My non-scientist friends are beginning to ask me “What’s gone wrong with science?” Revelations about melting glaciers and potentially dodgy emails about global warming, the resurfacing of Andrew Wakefield and the MMR scare, and the sacking of the Government’s drugs adviser, have created the impression for some people that science is in a mess.
Of course science isn’t in a mess, nor has anything changed. But the stories underline two important features of scientists and science. First, scientists, just like every other trade — bus drivers, lawyers and bricklayers — are a mix. Most are pretty average, a few are geniuses, some are a bit thick, and some dishonest.
Second, science itself is often misunderstood. Scientists tend to be portrayed as voices of authority who are able to reveal truths about arcane problems, be it the nature of quarks or the molecular basis of ageing. In fact, science is almost the opposite of this. In The Trouble With Physics, physicist Lee Smolin considers how to describe science and concludes that Nobel Prize winner Richard Feyman’s phrase says it best: “Science is the organised scepticism in the reliability of expert opinion.”
An Oxford colleague, one of the world’s top climate scientists, made the same point last week when he said to me: “It’s odd that people talk about ‘climate sceptics’ as though they are a special category. All of us in the climate science community are climate sceptics. It’s our job to question and challenge everything.” Any scientist will tell you that when you turn up at a conference the audience will do its best to tear your findings to pieces: no one takes anything for granted.
This philosophy of science was formally instituted 350 years ago in London by the small band of men, including Christopher Wren and Robert Boyle, who founded the Royal Society, the world’s oldest national academy of science. Their motto, Nullius in verba (“Take nobody’s word for it”) embodies the Royal Society’s founding principle of basing conclusions on observation and experiment rather than the voice of authority. Scientists don’t have all the answers, but they do have a way of finding out, and the fact that our lights come on, our computers compute and our mobile phones phone are among the myriad daily reminders that the scientific way works.
You might retort that science and scientists often don’t live up to this ideal. And you would be right. Scientists, like everyone else, have human frailties and are susceptible to fashion and orthodoxy. Nevertheless, over time, science is self-correcting because someone will have the courage to challenge the prevailing view and win the argument, provided he or she has sufficient evidence.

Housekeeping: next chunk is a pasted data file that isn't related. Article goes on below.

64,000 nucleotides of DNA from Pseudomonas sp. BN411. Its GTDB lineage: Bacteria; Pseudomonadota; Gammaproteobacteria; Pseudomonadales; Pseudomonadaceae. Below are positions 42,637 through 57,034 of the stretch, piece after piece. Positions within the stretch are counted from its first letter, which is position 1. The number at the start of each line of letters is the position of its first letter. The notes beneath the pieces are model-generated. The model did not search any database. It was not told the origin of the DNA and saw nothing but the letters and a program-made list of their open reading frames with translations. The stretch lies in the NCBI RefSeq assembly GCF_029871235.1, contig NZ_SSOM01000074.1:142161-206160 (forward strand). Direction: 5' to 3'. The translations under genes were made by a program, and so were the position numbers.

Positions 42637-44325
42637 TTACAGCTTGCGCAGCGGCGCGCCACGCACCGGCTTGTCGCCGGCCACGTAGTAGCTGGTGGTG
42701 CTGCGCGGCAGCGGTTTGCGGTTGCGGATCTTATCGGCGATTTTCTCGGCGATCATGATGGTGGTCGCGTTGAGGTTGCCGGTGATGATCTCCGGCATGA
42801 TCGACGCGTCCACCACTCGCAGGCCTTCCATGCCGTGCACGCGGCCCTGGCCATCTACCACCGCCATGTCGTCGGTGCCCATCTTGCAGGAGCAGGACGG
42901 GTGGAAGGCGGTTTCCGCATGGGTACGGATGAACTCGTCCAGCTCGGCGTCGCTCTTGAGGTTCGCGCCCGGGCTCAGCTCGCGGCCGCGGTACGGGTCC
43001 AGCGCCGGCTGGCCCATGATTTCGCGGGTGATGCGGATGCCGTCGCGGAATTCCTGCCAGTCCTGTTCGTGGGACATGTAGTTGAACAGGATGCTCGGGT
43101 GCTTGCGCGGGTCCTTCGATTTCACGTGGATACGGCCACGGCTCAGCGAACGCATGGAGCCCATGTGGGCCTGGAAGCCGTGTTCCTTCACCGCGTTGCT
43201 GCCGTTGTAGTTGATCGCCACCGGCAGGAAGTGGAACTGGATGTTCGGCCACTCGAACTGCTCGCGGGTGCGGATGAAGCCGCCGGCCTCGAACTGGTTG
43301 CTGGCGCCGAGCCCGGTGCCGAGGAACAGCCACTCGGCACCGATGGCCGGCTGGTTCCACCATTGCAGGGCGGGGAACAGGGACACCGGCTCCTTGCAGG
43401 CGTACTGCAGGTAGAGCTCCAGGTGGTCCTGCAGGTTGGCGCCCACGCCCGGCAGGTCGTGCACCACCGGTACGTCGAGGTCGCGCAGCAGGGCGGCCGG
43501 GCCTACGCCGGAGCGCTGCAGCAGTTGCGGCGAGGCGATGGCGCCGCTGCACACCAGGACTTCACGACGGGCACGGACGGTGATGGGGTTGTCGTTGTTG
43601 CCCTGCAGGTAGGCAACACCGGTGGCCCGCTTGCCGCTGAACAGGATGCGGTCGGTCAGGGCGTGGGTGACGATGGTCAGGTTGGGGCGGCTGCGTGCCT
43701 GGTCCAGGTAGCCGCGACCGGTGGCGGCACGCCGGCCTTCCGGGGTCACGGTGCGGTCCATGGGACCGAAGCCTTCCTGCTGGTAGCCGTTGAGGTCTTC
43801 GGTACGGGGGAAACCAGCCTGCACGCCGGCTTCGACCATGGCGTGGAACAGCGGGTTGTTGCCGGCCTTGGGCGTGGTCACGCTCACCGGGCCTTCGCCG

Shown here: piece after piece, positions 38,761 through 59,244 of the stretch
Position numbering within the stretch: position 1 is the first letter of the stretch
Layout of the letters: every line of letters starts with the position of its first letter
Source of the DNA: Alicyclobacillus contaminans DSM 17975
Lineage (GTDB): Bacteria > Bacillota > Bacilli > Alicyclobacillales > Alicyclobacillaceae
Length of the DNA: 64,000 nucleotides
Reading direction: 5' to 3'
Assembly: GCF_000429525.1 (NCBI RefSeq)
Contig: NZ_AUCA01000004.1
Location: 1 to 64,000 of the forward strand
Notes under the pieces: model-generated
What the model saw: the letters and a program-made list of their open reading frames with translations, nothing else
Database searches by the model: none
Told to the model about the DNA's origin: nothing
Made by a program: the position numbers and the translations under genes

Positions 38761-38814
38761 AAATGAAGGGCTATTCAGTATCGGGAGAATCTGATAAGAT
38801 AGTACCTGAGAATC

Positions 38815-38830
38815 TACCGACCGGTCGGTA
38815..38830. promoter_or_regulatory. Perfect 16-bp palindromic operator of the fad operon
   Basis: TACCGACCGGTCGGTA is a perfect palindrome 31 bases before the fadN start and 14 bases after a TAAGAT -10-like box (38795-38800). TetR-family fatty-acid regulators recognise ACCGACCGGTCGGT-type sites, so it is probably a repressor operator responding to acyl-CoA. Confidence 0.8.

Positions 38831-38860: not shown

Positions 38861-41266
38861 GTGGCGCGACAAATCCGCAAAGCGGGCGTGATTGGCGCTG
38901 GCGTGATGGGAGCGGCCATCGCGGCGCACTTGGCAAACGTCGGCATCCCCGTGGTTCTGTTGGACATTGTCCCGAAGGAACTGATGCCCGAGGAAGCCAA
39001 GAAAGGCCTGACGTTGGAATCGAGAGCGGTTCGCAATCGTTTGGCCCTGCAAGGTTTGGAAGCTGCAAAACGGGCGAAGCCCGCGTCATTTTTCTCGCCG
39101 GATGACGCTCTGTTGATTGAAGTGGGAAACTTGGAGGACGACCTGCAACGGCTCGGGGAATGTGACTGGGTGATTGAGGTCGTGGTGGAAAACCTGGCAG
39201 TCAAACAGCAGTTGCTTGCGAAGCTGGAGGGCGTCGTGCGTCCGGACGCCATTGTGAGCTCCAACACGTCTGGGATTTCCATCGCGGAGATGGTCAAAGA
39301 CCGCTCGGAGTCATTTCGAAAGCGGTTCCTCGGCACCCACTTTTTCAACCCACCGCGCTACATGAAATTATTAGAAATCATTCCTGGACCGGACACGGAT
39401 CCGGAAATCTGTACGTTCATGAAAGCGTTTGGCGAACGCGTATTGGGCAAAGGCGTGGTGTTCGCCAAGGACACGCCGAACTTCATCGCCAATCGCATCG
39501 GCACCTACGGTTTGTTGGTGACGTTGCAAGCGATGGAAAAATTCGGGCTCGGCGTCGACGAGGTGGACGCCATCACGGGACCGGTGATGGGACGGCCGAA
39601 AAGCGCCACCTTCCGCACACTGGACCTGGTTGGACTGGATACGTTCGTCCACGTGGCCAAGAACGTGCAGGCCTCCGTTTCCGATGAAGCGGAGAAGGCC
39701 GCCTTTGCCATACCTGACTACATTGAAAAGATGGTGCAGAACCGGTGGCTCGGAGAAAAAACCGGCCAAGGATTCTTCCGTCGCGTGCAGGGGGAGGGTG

There is, of course, no excuse for scientists who over-egg or massage their results, or who underplay the uncertainties in their conclusions. The prevailing view in many areas of science will include significant uncertainties (as with climate change), so challenge is central to the progress of understanding. The claim that Himalayan glaciers would melt in the next 30 years is an example of this self-correction. It was debunked from within the scientific community and not by outside commentators, it does not undermine the core conclusions about man-made global warming, and the mistake that the Chairman of the Intergovernmental Panel on Climate Change made was to dismiss this challenge without studying the evidence.
Scepticism is fine but science is not a free-for-all. Whether or not you accept the sceptics’ view should depend on careful weighing of the evidence. Dr Wakefield had no good evidence to support his claim of a link between the MMR vaccine and autism. Equally, the Department of Health’s claim that the “MMR vaccine is perfectly safe” is wrong. No vaccine is perfectly safe, but not vaccinating your children exposes them to a far bigger risk than the tiny risk associated with the vaccine.
Given what I have said, it is not surprising that the interaction between science and government can be edgy. Ministers look to their expert advisers for clear-cut answers, a unanimous view, and preferably one that is politically convenient. Scientific advisers are prone to disappoint on all fronts. “I am sorry minister, but science is not clear-cut, what is more, different experts take a different view, and our best advice is to do X” (where X is not a vote winner). When I was asked to advise, in 1996, on whether or not to kill badgers as a way of controlling bovine tuberculosis, I said that without a proper experiment it is not possible to tell whether or not the policy would work. To its credit, the Ministry of Agriculture set up what was perhaps the largest ecological experiment ever carried out in this country. The result showed that killing is not a cost-effective policy, and disappointed farmers.
Last year David Nutt, Chairman of the Advisory Committee on the Misuse of Drugs, was sacked by the Home Secretary for being too outspoken about the Government’s rejection of his committee’s advice on the classification of cannabis and Ecstasy. If ministers are going to reject expert advice, they should explain why. What they should definitely not do, as both the Prime Minister and the Home Secretary did in this case, is to announce, before they have received the expert advice, that they have made up their mind.
Equally, independent experts should not be gagged by ministers, even if their views are inconvenient. Science, warts and all, is still the best way of finding out, and is absolutely vital in informing government policy. That is why the Government must strongly reaffirm its commitment to freedom of expression for independent scientific advisers. At the same time, if scientists have a right to be heard, they have a responsibility to be scrupulously honest and not to claim more than is justified by the evidence.
Lord John Krebs, Principal of Jesus College, Oxford.